Dollar stays near six-week high as crucial jobs report nears

Reuters

By Anooja Debnath

LONDON (Reuters) - The dollar held near a six-week high on Thursday ahead of a key U.S. jobs report that could seal the case for a reduction in U.S. stimulus this month, and was unfazed by a slew of major central bank meetings elsewhere.

The dollar index was up 0.3 percent at 82.383, not far from a six-week high of 82.516 hit on Tuesday.

The U.S. currency was also just above 100 yen, marking a six-week peak for the currency pair. Traders said the yen suffered as investors unwound their safe-haven buying spurred by concerns over a U.S. plan to attack Syria, while moving little after the Bank of Japan maintained its policy as expected.

The euro failed to gain support from data showing euro zone businesses had their best month in over two years in August, because investors expect the European Central Bank on Thursday to stick to its line that interest rates will stay low to support the euro zone's fragile recovery.

The single currency was last down 0.3 percent at $1.3172, not far from a six-week low of $1.3138, hit on Tuesday.

"Even though we have seen euro zone data picking up, I don't think it is sufficient to warrant any shift in the ECB's stance," said Neil Jones, head of hedge fund FX sales at Mizuho Corporate Bank.

"So I do expect them to reiterate stimulus and maintain an accommodative stance to prop the euro zone economy up and this would weigh on the euro."

The ECB rate decision is due at 1145 GMT, after which the central bank's president, Mario Draghi, will hold a press conference at 1230 GMT.

The Bank of England also wraps up a policy meeting on Thursday, with some analysts expecting it to talk down markets pricing in a rate hike earlier than its own forward guidance, which could weigh on sterling.

The pound was last down 0.2 percent at $1.5596.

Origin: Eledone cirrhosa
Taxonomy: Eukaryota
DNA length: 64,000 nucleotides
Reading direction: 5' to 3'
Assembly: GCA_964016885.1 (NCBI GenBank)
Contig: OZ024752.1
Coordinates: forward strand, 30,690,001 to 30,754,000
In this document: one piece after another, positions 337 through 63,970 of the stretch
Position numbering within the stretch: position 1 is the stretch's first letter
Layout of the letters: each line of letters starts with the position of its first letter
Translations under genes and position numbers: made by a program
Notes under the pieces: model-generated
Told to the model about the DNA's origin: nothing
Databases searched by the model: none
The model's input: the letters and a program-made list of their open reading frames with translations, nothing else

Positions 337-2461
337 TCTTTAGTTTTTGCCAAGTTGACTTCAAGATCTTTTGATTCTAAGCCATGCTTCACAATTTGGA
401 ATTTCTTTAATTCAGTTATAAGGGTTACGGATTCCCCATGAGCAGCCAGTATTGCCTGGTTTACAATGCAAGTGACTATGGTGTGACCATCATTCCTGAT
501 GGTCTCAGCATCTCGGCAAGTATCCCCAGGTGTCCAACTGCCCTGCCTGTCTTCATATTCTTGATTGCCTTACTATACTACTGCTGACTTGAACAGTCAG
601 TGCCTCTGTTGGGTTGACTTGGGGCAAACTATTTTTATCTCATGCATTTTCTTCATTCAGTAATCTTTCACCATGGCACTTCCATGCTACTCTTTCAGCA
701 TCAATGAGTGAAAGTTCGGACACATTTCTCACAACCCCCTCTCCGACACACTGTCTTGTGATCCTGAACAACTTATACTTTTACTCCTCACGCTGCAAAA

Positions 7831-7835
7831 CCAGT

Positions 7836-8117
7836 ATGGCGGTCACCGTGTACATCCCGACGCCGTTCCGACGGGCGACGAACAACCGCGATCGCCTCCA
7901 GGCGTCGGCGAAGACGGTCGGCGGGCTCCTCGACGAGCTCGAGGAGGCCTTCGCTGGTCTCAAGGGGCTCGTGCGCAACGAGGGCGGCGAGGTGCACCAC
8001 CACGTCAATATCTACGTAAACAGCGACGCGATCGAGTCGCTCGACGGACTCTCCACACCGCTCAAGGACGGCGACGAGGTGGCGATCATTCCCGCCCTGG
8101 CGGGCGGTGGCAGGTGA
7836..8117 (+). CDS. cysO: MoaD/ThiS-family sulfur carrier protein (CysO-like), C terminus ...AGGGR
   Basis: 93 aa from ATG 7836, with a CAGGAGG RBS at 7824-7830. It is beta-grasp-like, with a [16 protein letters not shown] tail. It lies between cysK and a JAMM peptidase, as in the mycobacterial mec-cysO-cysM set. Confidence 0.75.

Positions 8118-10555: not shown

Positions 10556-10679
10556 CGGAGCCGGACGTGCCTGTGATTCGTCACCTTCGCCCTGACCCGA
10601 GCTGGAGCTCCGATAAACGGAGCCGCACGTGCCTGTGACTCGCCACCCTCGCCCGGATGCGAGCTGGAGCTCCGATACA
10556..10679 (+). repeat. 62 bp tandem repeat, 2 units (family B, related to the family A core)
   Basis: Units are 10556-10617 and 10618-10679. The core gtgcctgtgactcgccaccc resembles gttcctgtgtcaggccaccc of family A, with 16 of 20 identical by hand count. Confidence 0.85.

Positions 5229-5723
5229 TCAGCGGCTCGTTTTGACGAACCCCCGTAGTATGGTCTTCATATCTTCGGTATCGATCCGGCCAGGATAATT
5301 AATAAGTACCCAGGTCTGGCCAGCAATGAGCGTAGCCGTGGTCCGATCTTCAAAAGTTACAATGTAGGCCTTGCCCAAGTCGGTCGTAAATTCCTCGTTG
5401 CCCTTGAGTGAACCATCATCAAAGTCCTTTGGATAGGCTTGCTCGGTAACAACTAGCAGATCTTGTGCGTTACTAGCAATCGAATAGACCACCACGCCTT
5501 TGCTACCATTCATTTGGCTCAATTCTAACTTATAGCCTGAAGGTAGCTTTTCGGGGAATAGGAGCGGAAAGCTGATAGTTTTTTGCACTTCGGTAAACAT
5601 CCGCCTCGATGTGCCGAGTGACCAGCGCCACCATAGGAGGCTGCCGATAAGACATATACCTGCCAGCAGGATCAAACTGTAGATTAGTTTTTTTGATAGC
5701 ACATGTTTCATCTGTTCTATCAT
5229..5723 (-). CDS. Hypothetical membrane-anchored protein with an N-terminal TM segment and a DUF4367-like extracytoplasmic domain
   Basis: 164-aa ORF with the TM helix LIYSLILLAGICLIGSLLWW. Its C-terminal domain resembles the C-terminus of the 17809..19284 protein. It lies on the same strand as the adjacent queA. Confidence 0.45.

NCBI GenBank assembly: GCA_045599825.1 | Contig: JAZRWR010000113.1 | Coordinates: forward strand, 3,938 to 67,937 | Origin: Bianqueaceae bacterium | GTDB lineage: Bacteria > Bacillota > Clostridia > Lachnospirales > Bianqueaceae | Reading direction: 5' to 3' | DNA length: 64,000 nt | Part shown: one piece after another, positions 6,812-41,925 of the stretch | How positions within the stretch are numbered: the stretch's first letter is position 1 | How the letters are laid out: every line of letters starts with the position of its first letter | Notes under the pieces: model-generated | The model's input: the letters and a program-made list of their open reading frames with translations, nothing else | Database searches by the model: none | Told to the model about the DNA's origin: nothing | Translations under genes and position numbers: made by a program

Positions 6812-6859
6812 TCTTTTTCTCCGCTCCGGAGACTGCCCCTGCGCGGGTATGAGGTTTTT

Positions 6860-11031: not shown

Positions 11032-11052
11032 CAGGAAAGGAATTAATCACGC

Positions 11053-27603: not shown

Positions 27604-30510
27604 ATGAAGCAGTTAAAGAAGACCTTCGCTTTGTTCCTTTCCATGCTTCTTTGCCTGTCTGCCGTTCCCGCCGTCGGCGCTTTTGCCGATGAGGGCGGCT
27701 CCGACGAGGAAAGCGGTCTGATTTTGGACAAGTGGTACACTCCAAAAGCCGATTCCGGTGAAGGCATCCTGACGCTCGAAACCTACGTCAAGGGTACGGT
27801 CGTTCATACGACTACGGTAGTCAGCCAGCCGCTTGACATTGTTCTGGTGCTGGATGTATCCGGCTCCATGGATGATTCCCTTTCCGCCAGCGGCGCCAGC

The main focus this week, however, will be on the U.S. government employment report, due out on Friday.

If that data confirms a continued recovery in the U.S. job market, it will be seen as sufficient to ensure that the Federal Reserve decides to start reducing its bond-buying programme at its September 17-18 meeting.

Expectations that the Fed will be the first to hike rates among major central banks have underpinned the dollar.

"The dollar is on a rising trend. If the two-year bond yield rose further, say to above 0.5 percent, that could spur more dollar buying," said a trader at a Japanese bank.

The two-year U.S. debt yield hit a two-year high of 0.4860 percent on Thursday, widening the dollar's yield advantage over other currencies.

The dollar was up 0.2 percent at 100.0 yen, its highest since July 25. The greenback has seen three straight days of gains versus the yen, which traders say was partly due to unwinding of safe-haven buying on concerns over Syria.

"It seems like the market is tentatively concluding that any military action may not last that long and its impact on the world economy will be limited. The market is coming back to business as usual," said Bart Wakabayashi, head of forex at State Street Global Markets.

(Additonal reporting by Hideyuki Sano in Tokyo; Editing by Hugh Lawson)

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